Saturday April 20, 2019

DASH Diet May Reduce Depression Risk

People in the two groups that followed the DASH diet most closely were less likely to develop depression than people in the group that did not follow the diet closely

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Depression

People who eat vegetables, fruits, and whole grains to reduce hypertension may also have lower rates of depression over time, a new study suggests.

The study found that people whose diets adhered more closely to the “Dietary Approaches to Stop Hypertension” (DASH) diet was less likely to develop depression than people who did not closely follow the diet.

Dash diets emphasize on receiving a proper amount of food and nutrients like fruits, vegetables, and whole grains along with low or fat-free dairy, fish, poultry, beans, seeds, and nuts.

ALSO READ: 5 Things You Can do to Treat Your Depression Instantly

“Depression is common in older adults and more frequent in people with memory problems, vascular risk factors such as high blood pressure or high cholesterol, or people who have had a stroke,” said co-author Laurel Cherian, from the Rush University Medical Centre in Chicago.

Depression
For the study, people were monitored for symptoms of depression such as being bothered by things that usually didn’t affect them and feeling hopeless about the future.

For the study, to be presented at the American Academy of Neurology’s 70th Annual Meeting in Los Angeles, 964 participants with an average age of 81 were evaluated yearly for an average of six-and-a-half years.

ALSO READ: Here is a List of Food to Counter Depression and Stress: Try them out!

They also filled out questionnaires about how often they ate various foods.

Participants were divided into three groups based on how closely they adhered to the diets.

People in the two groups that followed the DASH diet most closely were less likely to develop depression than people in the group that did not follow the diet closely.

The odds of becoming depressed over time was 11 percent lower among the top group of DASH adherers versus the lowest group. On the other hand, the more closely people followed a western diet — a diet that is high in saturated fats and red meats and low in fruits and vegetables — the more likely they were to develop depression. (IANS)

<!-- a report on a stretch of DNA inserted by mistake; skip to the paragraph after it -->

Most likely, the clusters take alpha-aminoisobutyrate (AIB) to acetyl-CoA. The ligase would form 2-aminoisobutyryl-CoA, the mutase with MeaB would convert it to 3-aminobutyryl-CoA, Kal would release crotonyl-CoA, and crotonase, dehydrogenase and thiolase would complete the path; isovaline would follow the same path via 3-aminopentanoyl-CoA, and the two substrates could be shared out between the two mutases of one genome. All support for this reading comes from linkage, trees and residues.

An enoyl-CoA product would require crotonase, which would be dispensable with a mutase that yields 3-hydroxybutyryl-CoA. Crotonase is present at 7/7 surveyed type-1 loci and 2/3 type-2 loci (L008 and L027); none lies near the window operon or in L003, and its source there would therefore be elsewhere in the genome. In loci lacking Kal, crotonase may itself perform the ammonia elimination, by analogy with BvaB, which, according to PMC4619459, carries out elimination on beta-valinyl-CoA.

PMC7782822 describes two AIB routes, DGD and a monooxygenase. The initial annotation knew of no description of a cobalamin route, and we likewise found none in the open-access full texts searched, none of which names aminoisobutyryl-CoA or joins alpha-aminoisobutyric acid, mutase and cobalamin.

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Regular Intake of Sleeping Pills Can Adversely Effect Blood Pressure

The team suggested that sleeping pill use may be an indicator of a future need for greater hypertension treatment and the need to investigate underlying sleep disorders or unhealthy lifestyles that may contribute to hypertension.

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blood pressure
According to the study, published in the journal Geriatrics & Gerontology International, using sleeping pills on a regular basis is linked to the use of an increasing number of blood pressure medications over time. Pixabay

Be cautious if you use sleeping pills regularly as a new study has found that it may impact blood pressure (BP) in older adults.

According to the study, published in the journal Geriatrics & Gerontology International, using sleeping pills on a regular basis is linked to the use of an increasing number of blood pressure medications over time.

“Previous reports on associations of sleep characteristics with blood pressure and hypertension were focused on middle-aged adults; however, these associations were absent or inconsistent among older adults,” said senior author José Banegas from the Universidad Autónoma de Madrid in Spain.

Depression
Consumption of sleeping pills was prospectively linked to an increased number of antihypertensive drugs, the team said. VOA

For the study, the research team involved 752 older adults with hypertension followed from 2008-2010 through 2012-2013.

According to the researchers, the analyses were carried out with logistic regression, and adjusted for demographics, lifestyle, comorbidity, baseline number of antihypertensive drugs and hypertension control.

During the follow-up period, 156 patients increased the number of antihypertensive drugs. No association was found between sleep duration or quality and the change in antihypertensive drug use.

sleep
The team suggested that sleeping pill use may be an indicator of a future need for greater hypertension treatment and the need to investigate underlying sleep disorders or unhealthy lifestyles that may contribute to hypertension. Pixabay

Consumption of sleeping pills was prospectively linked to an increased number of antihypertensive drugs, the team said.

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The team suggested that sleeping pill use may be an indicator of a future need for greater hypertension treatment and the need to investigate underlying sleep disorders or unhealthy lifestyles that may contribute to hypertension.

Earlier, a study, published in the journal Acta Psychiatrica Scandinavica, warned that regular intake of certain sleeping pills may be associated with an increased risk of Alzheimer’s disease. (IANS)